In July of 2009 an experiment was conducted that did not have anything to do with piano teaching. But, as it turned out, the results have EVERYTHING to do with piano teaching.
The Significant Objects Experiment
In 2009, some researchers purchased $128.74 of thrift-store junk. Then, they hired a team of creative writers who composed unique, fictional stories about each piece of junk. Next, they auctioned the junk on ebay attaching the fictional stories to each product description (buyers were aware the stories were fictional).
The result… the thrift-store junk, with their creative stories as a selling feature, brought in $3612.51.
The conclusion… meaning matters!
What It Means For Piano Teachers
Until the “junk” was assigned a meaningful story, it was just… junk. It had no purpose, meaning, or significance.
And so it is with piano repertoire.
Until a piano student connects with a piano piece, it is simply… a piano piece. And a piano piece means nothing to a student until it gains some significance. If you want to motivate your piano students then you have to help them find meaning in every piece they play.
And finding meaning is personal. The same piano piece can connect with different piano students in different ways. This is why something as seemingly trivial as changing the name of a piano piece can have a profound impact on a piano students’ motivation.
(Of course, it’s always good to move beyond the trivial, but if you’re simply looking to inspire a 6 year old boy, changing the name of a piano piece to “Dirk The Dragon Slayer” can work wonders!)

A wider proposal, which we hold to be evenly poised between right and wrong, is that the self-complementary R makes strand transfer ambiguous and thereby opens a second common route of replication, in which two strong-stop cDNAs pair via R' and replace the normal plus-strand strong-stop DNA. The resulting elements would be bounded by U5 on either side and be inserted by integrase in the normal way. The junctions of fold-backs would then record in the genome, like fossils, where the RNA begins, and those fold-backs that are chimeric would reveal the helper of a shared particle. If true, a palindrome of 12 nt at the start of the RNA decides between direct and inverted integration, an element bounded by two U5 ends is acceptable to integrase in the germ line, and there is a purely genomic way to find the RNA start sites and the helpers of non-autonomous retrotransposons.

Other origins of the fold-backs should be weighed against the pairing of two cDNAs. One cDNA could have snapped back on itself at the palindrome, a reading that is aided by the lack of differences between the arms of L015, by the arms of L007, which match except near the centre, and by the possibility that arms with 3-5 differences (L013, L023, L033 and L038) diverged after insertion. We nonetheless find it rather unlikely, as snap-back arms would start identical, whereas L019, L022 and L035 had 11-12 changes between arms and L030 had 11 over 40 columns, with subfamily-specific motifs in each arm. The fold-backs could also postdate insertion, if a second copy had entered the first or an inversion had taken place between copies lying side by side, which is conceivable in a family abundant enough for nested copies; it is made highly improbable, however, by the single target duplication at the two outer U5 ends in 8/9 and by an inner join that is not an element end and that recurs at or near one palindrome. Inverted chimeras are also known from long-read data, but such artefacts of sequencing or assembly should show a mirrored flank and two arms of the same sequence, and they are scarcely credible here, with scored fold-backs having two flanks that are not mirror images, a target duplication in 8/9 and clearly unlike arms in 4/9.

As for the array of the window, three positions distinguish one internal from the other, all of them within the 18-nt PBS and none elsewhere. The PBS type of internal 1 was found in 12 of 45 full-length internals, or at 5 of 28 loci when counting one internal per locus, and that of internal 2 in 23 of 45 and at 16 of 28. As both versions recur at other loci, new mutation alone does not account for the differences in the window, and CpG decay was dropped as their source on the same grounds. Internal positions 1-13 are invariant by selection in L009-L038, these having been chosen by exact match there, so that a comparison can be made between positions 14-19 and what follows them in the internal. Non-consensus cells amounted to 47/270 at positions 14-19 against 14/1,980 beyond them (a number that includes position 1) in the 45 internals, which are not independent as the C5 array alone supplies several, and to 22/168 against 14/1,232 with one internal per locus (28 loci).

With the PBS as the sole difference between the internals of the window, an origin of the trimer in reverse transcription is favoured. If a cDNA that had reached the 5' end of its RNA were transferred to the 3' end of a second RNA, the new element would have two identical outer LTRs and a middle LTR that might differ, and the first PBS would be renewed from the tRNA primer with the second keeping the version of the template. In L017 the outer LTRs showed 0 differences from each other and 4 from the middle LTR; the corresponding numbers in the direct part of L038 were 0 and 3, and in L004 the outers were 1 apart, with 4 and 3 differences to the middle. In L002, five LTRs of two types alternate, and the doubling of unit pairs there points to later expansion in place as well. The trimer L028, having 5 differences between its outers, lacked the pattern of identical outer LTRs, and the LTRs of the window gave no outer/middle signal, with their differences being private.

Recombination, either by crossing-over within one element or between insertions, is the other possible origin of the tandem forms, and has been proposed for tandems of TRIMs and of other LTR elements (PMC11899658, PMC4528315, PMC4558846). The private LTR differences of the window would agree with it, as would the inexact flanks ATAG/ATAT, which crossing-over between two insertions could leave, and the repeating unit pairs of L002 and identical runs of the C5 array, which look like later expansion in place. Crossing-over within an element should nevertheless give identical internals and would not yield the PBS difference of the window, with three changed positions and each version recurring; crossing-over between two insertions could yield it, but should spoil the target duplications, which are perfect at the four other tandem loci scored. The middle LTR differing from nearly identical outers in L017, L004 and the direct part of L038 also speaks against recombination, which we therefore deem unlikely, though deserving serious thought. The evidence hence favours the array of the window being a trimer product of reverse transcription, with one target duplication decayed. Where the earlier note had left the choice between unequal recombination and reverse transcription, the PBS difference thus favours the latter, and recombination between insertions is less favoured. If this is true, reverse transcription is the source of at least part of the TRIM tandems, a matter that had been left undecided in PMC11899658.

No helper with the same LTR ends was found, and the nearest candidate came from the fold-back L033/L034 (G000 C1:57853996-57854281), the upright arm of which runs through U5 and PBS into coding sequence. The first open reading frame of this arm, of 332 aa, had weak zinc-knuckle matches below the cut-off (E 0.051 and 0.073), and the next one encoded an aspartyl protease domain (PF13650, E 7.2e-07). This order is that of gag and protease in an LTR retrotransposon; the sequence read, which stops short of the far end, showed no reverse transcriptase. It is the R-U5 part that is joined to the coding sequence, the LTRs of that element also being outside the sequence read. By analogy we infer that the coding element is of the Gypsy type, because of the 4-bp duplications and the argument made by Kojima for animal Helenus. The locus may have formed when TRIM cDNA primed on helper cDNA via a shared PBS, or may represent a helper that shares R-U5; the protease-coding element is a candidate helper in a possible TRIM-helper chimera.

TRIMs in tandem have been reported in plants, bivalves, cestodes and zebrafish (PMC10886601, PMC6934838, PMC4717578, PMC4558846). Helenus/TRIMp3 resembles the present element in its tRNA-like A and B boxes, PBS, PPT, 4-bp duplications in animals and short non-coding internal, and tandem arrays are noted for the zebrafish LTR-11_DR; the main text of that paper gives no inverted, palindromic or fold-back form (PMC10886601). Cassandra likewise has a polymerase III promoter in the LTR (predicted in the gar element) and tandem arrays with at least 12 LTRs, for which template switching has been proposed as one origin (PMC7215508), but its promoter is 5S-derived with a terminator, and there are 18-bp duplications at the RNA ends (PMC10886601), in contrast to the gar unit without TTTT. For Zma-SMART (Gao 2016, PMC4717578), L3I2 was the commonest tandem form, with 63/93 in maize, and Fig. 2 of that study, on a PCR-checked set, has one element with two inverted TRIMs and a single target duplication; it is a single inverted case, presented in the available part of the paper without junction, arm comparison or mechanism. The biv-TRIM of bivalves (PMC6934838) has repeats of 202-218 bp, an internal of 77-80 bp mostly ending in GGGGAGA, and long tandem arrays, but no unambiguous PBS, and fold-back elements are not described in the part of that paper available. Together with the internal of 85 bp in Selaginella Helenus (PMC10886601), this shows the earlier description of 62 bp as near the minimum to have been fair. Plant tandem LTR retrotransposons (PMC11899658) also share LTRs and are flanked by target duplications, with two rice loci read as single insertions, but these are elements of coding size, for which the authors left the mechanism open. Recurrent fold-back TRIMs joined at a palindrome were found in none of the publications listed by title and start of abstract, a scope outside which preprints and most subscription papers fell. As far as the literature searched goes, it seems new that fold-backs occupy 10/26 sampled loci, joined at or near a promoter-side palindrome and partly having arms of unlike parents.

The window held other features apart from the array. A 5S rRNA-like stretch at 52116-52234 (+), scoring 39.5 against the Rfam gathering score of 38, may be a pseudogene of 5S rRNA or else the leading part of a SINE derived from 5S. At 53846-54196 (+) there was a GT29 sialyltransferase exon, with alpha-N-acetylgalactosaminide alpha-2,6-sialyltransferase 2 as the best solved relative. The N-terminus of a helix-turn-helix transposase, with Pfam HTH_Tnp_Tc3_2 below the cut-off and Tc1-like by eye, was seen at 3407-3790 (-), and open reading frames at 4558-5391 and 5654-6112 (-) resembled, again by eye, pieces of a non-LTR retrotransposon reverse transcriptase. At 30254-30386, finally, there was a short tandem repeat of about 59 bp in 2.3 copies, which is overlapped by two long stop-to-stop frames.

Dig Deeper As Students Get Older
Obviously, changing the name of a piano piece only works for so long. As your students get older, you’re going to have to help them dig deeper to connect with the repertoire they are playing. Some simple ways to do this include:
- Having your students write a fictional story to accompany a piano piece
- Using language such as, “This piece reminds me of a time when”
- Using language such as, “I like the way it sounds because…”
- Creating a new piece based on the old piece by changing dynamics etc.
- Sharing interesting stories about the composer’s life (imagine little details like “What happened to him that morning? Who was he with? What had he seen?”)
- Having your students draw a picture inspired by the piano piece.
From Now On, Never Introduce New Repertoire Without…
… first remembering the Significant Objects Experiment. Not only will it have a huge impact on the success of your students, but it will also have a huge impact on the financial success of your piano studio.